Not too long ago, I was at a meeting where an introduction of new officers for the group was part of the agenda. Introducing a slate of officers is not new but the method used certainly was.
“Please tweet your introduction,” we were informed.
While we didn’t literally use Twitter, we did follow the rule to limit our introduction to 140 characters, just like a tweet. One thing about Twitter – it certainly shows you that you can be brief and get to the point when you have to do so.
One of the top ten time wasters is meetings. We go to meetings. We run meetings. We try to get out of meetings.
On the other hand, one of the top things an employer is looking for is someone who can work with a team. No matter if you are the boss, a community leader, a consultant, an employee or a member of a community or club committee, you need to make meetings and teamwork be a productive time…even if you hate meetings- or maybe it should be said “Especially if you hate meetings.”
Making the Most of Meetings
Start on time. If you are not running a club or business meeting today, you might be tomorrow. One thing you will find about meetings is that effective leaders begin on time. Starting on time means you have reassured everyone that their time is valuable, that you mean business and that you have a goal to accomplish. Chit-chat can go on for hours. Let people socialize after the meeting not before.
Have a goal. Never have a meeting for meeting’s sake. Don’t have a meeting because it is the first of the month and you have a meeting at the first of the month. Every meeting should have a clearly defined reason for being there. What do you hope to accomplish? In fact, one of the best things you can do is to write that goal on the top and bottom of your draft agenda as a reminder to stay on task.
Build an agenda. Think of an agenda as a road map. Even if a discussion goes off course, this road map guides you back to the goal. It is an organized way to make sure that everything- and everyone – is included.
Boost interest and attendance beforehand. Let everyone know not just when the meeting will start but when it will end. Everyone wants to plan their day. Have an ending. Send out an agenda and a goal. This allows everyone to prepare for the meeting. Prepared people get their information shared in a quick way. Unprepared people hold everyone up.
Meetings are NOT for teamwork. You might think that is odd but it is true. A meeting is for reporting in on teamwork. It is not for a team to work out its issues while everyone waits. This means you set an expectation that people come to a meeting armed with the information they need to present. It is not the time to be gathering information. In other words, insist that everyone do their homework. Don’t get sidetracked by someone or some team that isn’t ready. Instead, you be ready to interrupt and ask them to make a decision or gather information and report on it at the next meeting and move on.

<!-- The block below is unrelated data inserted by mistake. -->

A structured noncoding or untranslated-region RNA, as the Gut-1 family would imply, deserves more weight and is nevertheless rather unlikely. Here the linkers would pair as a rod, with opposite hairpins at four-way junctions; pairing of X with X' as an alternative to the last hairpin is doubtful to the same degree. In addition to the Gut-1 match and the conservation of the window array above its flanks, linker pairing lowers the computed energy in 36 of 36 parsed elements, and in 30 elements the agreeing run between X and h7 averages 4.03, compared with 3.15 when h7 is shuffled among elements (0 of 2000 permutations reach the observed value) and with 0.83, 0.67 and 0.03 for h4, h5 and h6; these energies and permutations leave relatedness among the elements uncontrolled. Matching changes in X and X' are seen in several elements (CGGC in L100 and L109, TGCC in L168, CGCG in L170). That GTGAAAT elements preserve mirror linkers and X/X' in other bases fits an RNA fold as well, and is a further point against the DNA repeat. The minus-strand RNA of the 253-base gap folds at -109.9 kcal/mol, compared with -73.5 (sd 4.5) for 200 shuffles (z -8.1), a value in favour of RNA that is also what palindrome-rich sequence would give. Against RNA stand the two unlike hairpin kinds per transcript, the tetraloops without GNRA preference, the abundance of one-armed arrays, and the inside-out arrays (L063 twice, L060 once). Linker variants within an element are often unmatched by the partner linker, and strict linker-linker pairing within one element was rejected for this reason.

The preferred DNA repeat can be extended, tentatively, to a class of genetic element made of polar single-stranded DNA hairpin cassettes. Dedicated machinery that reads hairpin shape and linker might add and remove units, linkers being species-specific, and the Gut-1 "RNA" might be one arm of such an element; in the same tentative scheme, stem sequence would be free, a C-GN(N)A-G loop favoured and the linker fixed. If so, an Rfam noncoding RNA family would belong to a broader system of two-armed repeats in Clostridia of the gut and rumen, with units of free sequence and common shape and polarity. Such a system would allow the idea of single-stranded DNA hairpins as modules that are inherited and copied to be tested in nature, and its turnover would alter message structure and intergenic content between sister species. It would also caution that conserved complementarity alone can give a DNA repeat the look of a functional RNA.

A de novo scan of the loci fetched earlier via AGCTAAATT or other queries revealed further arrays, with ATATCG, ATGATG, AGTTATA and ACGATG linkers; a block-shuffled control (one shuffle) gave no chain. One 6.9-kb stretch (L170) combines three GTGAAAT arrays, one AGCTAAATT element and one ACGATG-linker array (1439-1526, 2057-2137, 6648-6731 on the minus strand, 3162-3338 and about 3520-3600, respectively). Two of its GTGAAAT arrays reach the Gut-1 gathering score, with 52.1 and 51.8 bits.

Take notes. Use promptly. Keep track of who offered to do things and what they volunteered to do. Immediately after your meeting, email anyone that stepped up at a meeting and thank them and remind them of what they promised you. Put a deadline in writing. Also, if someone was not prepared, do remind them immediately following the meeting of the materials or info that they need to have in hand and the deadline. As the saying goes “Strike while the iron is hot.”
Stick to your end time. Set an alarm. Use a timer. Allocate blocks of time for subjects and then move on. If you don’t finish at your planned time, end anyway and take it up following the meeting or at the next meeting.
Making the Most of Teamwork
I’ll be honest. Teamwork is never easy. I know that a few times I’ve thought “It would be so much easier to do this myself.” I imagine you have thought the same.
While it might be easier, it wouldn’t be wiser. One person cannot possibly have every idea nor know every consequence to a choice of actions. Nor can you do it all yourself. Anyone trying to be their best productive self knows that it is sudden-death to productivity to try to do it all yourself.
So now that I’ve established that teamwork is inevitable, how do you make the best of it?
Attitude. Now’s the time to kick your “I don’t want to be here” attitude to the curb. Even if you have to pretend to want to be there, then pretend. Be pleasant to work with. Be positive.
Be Open Minded. Your ideas might be great but they might not be the best ones. Go in open minded and listen to other ideas. Don’t quickly shoot other ideas down. A great leader recognizes other person’s strengths. Be sure to recognize good ideas verbally.
Do Speak Up. Don’t just go with the flow. While you do want to listen to other ideas, make sure that you do share the ones you have. Share concerns you may have. Sometimes, the best way to share a concern is in the form of a question. Rather than an attack, a question allows for someone to explain something back to you.
Take Notes. Write down anything you are expected to do or to find out about. Find out who you are to report back to. Ask when they need this information. Establish a deadline. Once out of the meeting, note deadlines and to-do’s on your calendar.